Some seem to think gasoline-electric powertrains won't be around for much longer.
Unless you're completely ignorant about the car industry, then you'll know about the relative prominence of hybrid powertrains in the automotive industry. From small hatchbacks to million dollar supercars and pretty much every bodystyle in between, it seems nowadays that only a handful of car companies don't offer a gasoline or diesel-electric setup in at least one of their cars. However, as Automotive Management suggests, it may be the case that hybrids will soon be obsolete.
According to Rupert Pontin, the Head of Valuations at the vehicle data provider Glass's, the current advantages that hybrid systems have over purely electric powertrains will be nigh-on eradicated "within a few years." With the rate in which battery technology is being developed, it's very possible we're now entering a period where "a new hybrid vehicle being bought today could be effectively obsolete by the time it reaches the end of its normal life." As range improves and costs go down, the series and plug-in hybrid powertrain will be phased out; perceived as no more than a "curiosity" to future new and used car buyers.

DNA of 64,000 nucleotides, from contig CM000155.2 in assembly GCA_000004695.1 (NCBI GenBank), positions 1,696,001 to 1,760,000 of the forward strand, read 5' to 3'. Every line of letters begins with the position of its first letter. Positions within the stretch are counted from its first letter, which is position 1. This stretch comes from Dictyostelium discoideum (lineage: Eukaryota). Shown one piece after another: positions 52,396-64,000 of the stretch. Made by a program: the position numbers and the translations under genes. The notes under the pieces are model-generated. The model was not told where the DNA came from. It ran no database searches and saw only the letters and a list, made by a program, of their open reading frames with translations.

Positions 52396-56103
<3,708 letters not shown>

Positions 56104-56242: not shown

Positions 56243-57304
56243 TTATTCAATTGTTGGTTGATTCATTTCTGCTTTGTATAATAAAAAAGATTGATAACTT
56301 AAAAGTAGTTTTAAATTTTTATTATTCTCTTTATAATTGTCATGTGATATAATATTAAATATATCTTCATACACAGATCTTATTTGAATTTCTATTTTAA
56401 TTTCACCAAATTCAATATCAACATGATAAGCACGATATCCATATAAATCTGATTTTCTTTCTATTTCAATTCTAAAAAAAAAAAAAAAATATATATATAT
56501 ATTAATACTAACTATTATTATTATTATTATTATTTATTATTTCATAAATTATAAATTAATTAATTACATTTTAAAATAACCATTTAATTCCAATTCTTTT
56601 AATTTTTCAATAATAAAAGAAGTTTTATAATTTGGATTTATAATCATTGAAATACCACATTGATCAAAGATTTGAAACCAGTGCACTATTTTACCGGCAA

Further reinforcing Pontin's argument is that we're already seeing the first instances of this transition period. In the UK, you can buy an all-electric Renault Zoe for as little as 13,995 GBP (admittedly, that does include a government grant and doesn't factor in the battery lease tariff) or just over $17,000 at current exchange rates, and it's allegedly possible to drive over 300 miles in a Tesla Model S on a single charge. Put simply, electric cars should (unless something goes horribly wrong) keep getting better and better from here on out, and the first casualty to result from this trend will in this instance be the 'half in, half out' hybrid powertrain.